Having our new associates Leticia Caceres and Sam Strong tackle works they are deeply passionate about means three ‘don’t miss’ productions just from our in-house artistic team – Leticia with the ground-breaking (and I use that term consideredly) new play Contellations starring Alison Bell, which is as thrilling an example of innovation in dramatic form as Caryl Churchill’s early works, and Sam directing the classic of his dreams The Crucible with David Wenham and the new US play Other Desert Cities with Robyn Nevin and John Gaden.
Then there’s the raft of other works which interrogate subjects as diverse as Martin Luther King, bio-chemistry and brain function, post-apartheid South African politics, Rupert Murdoch, and the imaginary world of children’s fantasies, to name but a few, and peopled by such creative luminaries as Simon Stone, Jacki Weaver, Neil Armfield, Catherine McClements, Zhara Newman, new Griffin artistic director Lee Lewis, Paul Grabowsky, Pamela Rabe, Philip Quast, Peter Houghton, Kim Carpenter, Joanna Murray-Smith, Bert LaBonte… the list goes on.
And we are taking the first step in blowing open our design traditions with international visual art star Callum Morton creating the set for Other Desert Cities.
As well, there is the first ever presentation by MTC of a full, original production from the West End – the National Theatre’s runaway hit One Man Two Guvnors directed by Nicholas Hytner; the open slot Zeitgeist which we’re leaving available for the best, most up-to-date opportunity which presents itself to us (shaking off the straight-jacket of having to launch our season's six months out from the first show and nearly 18 months out from the last show of each year); and Neon - the first boutique festival of independent theatre.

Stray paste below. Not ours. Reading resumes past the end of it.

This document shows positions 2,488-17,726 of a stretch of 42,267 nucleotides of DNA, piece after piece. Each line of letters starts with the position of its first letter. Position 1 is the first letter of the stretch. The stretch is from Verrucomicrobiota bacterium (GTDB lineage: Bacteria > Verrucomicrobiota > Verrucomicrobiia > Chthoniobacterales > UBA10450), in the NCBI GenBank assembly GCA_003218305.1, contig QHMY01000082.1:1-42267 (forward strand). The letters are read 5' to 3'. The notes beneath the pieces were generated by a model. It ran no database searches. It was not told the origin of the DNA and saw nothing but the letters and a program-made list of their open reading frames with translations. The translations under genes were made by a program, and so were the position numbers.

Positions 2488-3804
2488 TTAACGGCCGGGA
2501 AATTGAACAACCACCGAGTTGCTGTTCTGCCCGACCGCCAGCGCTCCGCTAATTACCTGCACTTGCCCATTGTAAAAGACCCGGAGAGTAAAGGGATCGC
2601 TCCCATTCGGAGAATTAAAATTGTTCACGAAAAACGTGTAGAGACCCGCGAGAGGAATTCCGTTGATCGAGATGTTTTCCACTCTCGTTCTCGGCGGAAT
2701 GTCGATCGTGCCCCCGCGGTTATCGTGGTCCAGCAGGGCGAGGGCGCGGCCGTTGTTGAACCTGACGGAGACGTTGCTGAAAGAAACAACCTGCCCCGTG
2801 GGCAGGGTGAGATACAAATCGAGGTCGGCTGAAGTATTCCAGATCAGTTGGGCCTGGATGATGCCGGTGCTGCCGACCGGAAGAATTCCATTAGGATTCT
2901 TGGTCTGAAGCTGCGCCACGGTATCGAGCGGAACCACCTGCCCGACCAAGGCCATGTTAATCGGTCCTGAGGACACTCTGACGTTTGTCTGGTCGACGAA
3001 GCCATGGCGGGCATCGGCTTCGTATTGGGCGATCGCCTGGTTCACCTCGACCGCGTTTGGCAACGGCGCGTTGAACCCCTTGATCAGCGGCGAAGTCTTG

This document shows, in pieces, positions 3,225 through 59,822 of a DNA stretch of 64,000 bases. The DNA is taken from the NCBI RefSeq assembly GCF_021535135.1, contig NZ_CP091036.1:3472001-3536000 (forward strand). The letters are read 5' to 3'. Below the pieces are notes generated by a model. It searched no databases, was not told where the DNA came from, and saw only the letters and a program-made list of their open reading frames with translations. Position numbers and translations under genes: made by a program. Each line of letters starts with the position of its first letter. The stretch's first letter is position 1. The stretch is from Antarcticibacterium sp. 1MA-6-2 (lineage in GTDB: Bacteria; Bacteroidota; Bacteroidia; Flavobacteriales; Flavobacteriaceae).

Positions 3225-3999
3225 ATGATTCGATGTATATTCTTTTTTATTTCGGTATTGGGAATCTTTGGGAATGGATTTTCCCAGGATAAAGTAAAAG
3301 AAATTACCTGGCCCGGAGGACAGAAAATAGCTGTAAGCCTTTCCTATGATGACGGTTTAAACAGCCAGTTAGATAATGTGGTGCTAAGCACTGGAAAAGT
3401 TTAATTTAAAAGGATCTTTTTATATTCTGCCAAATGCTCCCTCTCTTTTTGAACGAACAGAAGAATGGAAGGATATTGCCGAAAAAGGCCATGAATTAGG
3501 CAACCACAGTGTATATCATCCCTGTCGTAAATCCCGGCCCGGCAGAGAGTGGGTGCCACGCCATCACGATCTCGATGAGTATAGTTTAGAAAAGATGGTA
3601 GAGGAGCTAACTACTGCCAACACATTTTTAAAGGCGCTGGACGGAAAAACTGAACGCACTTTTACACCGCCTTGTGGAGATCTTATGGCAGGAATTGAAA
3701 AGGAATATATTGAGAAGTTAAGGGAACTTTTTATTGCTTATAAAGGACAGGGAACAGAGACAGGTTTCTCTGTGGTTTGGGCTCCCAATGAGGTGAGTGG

What are three words you would use to describe the MTC 2013 season?
A new light (that’s actually our 2013 theme, so it fits nicely!)
You’re also working on the 2012 Melbourne Festival for the final time; as this is your last year – what are some of the great memories you’ll be taking away with you?
Too many to mention, but I’ve loved the opportunity to finish my ten Australian festivals with this one in Melbourne and, as always with the festivals I’ve directed, I‘ve loved debuting for the nation artists and companies who’ve never been seen in Australia before. In the case of my time at Melbourne Festival they’ve included Hofesh Shechter Company, Toneelgroep Amsterdam and Ivo van Hove, Sasha Waltz with two epic productions, Ramallah Underground, Sebastian Nubling, Emmanuel Jal, Calder Quartet and especially the sculptural works of Russian art collective AES+F whose Angels and Demons took over Melbourne’s CBD last year for the most memorable and largest public art installation ever presented in this city’s 177 year history.